Not an easy read but an essential one.

Pub Date: Aug. 13, 2019

ISBN: 978-0-525-50928-8

Page Count: 320

Publisher: One World/Random House

Review Posted Online: April 28, 2019

Kirkus Reviews Issue: May 15, 2019

Did you like this book?

Doyle offers another lucid, inspiring chronicle of female empowerment and the rewards of self-awareness and renewal.

Our Verdict

  • Our Verdict
  • GET IT

  • New York Times Bestseller

  • IndieBound Bestseller

UNTAMED

More life reflections from the bestselling author on themes of societal captivity and the catharsis of personal freedom.

In her third book, Doyle (Love Warrior, 2016, etc.) begins with a life-changing event. “Four years ago,” she writes, “married to the father of my three children, I fell in love with a woman.” That woman, Abby Wambach, would become her wife. Emblematically arranged into three sections—“Caged,” “Keys,” “Freedom”—the narrative offers, among other elements, vignettes about the soulful author’s girlhood, when she was bulimic and felt like a zoo animal, a “caged girl made for wide-open skies.” She followed the path that seemed right and appropriate based on her Catholic upbringing and adolescent conditioning. After a downward spiral into “drinking, drugging, and purging,” Doyle found sobriety and the authentic self she’d been suppressing. Still, there was trouble: Straining an already troubled marriage was her husband’s infidelity, which eventually led to life-altering choices and the discovery of a love she’d never experienced before. Throughout the book, Doyle remains open and candid, whether she’s admitting to rigging a high school homecoming court election or denouncing the doting perfectionism of “cream cheese parenting,” which is about “giving your children the best of everything.” The author’s fears and concerns are often mirrored by real-world issues: gender roles and bias, white privilege, racism, and religion-fueled homophobia and hypocrisy. Some stories merely skim the surface of larger issues, but Doyle revisits them in later sections and digs deeper, using friends and familial references to personify their impact on her life, both past and present. Shorter pieces, some only a page in length, manage to effectively translate an emotional gut punch, as when Doyle’s therapist called her blooming extramarital lesbian love a “dangerous distraction.” Ultimately, the narrative is an in-depth look at a courageous woman eager to share the wealth of her experiences by embracing vulnerability and reclaiming her inner strength and resiliency.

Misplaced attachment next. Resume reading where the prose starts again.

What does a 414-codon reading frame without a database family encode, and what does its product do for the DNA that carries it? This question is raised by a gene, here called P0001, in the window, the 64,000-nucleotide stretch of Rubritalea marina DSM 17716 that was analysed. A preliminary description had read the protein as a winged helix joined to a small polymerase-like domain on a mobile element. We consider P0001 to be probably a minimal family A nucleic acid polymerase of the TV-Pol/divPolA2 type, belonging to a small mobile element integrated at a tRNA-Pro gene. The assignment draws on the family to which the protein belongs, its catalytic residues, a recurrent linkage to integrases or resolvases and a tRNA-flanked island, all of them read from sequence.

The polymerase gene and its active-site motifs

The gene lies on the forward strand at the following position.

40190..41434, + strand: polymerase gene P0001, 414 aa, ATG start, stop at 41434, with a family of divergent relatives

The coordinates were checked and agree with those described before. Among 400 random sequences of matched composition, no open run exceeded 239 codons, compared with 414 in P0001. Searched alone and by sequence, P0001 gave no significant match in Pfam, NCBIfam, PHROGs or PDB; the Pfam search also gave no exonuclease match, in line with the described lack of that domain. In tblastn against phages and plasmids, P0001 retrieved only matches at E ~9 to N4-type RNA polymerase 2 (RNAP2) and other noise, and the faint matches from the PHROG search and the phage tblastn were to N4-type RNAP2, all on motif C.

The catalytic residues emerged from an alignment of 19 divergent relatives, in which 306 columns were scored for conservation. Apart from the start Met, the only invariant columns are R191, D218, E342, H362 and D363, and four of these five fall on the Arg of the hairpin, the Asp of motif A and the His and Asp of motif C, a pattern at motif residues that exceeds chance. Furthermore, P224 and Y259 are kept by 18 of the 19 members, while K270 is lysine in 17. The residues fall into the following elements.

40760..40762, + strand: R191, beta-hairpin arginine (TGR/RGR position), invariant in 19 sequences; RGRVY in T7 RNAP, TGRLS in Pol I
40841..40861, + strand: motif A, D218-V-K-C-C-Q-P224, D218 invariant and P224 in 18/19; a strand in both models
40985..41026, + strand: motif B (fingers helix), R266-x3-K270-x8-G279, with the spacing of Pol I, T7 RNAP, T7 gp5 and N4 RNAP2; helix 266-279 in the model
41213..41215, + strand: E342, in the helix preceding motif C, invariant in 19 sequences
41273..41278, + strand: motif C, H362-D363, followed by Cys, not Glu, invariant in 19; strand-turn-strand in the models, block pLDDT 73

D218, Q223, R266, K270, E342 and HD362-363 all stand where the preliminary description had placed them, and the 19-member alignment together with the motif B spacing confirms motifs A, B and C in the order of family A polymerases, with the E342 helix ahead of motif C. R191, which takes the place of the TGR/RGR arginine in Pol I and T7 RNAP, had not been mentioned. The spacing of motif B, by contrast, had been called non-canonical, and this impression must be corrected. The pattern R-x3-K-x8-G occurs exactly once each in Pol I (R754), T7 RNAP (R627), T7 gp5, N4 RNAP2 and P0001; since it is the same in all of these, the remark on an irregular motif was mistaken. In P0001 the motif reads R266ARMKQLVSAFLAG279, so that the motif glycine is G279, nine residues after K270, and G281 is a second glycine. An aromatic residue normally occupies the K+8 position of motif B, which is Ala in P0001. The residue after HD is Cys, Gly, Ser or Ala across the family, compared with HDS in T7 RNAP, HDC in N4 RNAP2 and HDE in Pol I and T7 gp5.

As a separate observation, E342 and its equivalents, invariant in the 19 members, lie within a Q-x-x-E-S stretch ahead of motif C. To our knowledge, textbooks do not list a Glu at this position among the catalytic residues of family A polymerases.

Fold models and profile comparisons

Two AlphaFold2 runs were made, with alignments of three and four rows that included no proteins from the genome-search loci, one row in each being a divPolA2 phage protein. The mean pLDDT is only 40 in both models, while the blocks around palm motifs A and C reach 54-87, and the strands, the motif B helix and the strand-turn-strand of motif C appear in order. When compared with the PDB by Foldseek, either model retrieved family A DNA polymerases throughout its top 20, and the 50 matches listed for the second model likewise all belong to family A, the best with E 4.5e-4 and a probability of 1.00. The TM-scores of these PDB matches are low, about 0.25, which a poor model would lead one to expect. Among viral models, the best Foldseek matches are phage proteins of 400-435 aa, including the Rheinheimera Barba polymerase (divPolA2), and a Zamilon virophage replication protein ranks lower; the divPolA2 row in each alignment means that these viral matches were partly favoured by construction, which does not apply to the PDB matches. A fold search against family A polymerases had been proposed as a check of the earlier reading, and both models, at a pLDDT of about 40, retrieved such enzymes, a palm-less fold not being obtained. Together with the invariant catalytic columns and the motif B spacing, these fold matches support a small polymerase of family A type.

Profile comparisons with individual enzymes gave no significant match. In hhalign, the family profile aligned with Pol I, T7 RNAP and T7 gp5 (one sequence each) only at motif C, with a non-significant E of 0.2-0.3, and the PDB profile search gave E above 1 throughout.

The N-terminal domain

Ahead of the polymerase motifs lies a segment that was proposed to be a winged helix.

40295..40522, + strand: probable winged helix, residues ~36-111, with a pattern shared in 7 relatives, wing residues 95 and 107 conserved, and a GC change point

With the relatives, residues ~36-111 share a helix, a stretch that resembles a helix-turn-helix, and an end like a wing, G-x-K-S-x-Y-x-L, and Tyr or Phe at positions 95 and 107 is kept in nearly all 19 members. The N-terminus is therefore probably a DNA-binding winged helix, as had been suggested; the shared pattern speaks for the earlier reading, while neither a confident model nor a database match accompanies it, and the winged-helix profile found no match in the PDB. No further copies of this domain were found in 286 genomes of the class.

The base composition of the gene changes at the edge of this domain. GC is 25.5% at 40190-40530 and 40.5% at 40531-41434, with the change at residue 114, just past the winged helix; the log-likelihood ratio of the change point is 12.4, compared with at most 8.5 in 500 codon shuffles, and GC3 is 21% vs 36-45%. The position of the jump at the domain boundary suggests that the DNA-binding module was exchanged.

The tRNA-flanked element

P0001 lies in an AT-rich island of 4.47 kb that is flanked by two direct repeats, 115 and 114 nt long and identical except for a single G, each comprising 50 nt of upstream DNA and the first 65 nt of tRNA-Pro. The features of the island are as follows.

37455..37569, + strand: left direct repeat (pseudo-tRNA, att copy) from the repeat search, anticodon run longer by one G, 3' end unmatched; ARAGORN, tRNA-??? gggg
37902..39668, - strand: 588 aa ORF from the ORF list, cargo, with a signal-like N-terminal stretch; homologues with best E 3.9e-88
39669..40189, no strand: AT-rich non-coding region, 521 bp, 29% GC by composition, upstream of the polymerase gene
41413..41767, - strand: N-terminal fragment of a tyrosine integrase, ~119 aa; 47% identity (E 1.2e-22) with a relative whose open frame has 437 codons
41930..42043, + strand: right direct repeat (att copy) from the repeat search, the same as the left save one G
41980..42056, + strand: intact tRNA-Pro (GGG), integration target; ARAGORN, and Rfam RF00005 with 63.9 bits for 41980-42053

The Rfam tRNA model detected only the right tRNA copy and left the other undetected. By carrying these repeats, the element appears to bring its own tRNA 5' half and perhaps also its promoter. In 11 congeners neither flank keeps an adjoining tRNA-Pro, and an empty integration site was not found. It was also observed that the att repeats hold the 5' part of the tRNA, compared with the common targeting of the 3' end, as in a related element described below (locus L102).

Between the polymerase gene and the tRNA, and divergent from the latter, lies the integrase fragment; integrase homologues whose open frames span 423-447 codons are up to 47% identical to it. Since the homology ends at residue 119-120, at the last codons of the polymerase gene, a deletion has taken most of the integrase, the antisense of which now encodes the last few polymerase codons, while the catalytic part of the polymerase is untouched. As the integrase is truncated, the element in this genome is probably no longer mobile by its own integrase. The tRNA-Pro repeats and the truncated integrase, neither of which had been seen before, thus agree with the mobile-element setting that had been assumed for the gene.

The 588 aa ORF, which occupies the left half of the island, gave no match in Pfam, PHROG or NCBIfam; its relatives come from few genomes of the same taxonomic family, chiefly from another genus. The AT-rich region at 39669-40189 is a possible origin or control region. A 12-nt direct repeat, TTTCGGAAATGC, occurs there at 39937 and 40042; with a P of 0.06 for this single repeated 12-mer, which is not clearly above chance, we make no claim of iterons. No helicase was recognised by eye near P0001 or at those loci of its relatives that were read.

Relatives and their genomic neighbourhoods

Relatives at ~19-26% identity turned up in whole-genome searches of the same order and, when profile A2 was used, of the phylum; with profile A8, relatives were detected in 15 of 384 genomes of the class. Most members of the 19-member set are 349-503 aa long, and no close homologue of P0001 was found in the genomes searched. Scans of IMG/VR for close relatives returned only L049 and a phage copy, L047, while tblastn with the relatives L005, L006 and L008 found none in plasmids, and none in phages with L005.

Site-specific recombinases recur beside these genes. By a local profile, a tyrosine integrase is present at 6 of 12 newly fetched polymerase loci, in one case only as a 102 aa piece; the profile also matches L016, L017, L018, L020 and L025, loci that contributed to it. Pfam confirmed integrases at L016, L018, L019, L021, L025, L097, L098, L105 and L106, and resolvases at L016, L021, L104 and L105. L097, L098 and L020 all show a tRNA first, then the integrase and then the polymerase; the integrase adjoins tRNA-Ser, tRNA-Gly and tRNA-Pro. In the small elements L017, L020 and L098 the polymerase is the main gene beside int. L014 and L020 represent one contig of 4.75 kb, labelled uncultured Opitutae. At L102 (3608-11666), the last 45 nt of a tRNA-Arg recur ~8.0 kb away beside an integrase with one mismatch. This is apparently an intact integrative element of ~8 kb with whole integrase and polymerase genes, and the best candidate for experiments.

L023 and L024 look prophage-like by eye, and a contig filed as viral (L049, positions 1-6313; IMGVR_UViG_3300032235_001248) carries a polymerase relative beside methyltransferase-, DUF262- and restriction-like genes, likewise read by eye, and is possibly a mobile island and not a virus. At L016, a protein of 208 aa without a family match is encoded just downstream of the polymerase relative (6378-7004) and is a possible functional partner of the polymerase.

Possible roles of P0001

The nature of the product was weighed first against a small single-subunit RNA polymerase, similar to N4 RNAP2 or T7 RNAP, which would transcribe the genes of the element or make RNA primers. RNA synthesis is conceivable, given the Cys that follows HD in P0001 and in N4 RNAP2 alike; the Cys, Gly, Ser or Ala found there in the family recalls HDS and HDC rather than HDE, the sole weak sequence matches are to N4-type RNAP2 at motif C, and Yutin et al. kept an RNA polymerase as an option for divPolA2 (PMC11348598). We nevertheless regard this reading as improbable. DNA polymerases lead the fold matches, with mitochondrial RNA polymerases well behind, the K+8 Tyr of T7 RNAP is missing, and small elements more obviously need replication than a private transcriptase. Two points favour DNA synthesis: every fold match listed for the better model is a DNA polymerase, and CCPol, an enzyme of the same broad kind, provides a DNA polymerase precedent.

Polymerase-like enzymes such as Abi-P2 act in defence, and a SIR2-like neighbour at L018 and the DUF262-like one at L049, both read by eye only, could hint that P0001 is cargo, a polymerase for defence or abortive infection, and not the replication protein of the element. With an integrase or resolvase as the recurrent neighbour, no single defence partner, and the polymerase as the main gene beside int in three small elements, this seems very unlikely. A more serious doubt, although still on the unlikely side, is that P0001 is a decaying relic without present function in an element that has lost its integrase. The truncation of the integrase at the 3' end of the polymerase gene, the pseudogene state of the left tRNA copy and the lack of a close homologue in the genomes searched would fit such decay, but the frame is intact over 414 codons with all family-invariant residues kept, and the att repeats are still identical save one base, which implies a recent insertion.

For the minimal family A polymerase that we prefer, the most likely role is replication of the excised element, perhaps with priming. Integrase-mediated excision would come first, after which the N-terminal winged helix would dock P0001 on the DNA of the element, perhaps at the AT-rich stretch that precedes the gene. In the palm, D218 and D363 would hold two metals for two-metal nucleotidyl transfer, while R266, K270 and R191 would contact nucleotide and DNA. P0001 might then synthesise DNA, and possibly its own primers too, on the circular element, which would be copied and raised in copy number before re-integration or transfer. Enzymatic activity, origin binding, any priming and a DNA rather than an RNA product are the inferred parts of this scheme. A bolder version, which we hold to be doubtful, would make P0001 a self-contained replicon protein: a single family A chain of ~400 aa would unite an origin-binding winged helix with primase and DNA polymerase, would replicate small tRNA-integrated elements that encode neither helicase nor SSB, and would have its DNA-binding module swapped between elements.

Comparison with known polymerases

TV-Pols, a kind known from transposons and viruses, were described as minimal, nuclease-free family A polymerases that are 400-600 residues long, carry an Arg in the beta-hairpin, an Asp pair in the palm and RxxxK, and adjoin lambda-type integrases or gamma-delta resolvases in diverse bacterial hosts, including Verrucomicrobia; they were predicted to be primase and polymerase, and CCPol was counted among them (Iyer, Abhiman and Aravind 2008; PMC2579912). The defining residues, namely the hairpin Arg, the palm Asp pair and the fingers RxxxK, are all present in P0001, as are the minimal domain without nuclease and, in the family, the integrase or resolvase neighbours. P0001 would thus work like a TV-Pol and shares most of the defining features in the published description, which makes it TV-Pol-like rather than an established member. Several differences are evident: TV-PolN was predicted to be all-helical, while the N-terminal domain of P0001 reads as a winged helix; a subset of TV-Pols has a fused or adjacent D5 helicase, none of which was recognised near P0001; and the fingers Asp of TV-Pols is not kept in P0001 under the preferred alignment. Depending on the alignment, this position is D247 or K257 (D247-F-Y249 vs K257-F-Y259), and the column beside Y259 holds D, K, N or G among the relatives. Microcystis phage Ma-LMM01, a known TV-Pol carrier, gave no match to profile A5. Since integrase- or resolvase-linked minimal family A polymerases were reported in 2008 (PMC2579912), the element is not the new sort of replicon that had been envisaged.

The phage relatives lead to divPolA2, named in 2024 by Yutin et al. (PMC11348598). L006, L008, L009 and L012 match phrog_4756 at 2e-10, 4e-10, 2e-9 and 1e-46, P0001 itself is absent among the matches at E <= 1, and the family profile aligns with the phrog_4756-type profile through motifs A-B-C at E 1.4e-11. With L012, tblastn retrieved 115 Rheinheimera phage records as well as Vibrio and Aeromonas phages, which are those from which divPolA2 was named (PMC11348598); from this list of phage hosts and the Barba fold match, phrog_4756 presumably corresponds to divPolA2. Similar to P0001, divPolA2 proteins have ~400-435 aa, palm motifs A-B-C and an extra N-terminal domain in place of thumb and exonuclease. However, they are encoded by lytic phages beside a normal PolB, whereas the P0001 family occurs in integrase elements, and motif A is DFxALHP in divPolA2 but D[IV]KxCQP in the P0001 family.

Doyle offers another lucid, inspiring chronicle of female empowerment and the rewards of self-awareness and renewal.

Pub Date: March 10, 2020

ISBN: 978-1-9848-0125-8

Page Count: 352

Publisher: Dial Books

Review Posted Online: Dec. 22, 2019

Kirkus Reviews Issue: Jan. 15, 2020

Did you like this book?

more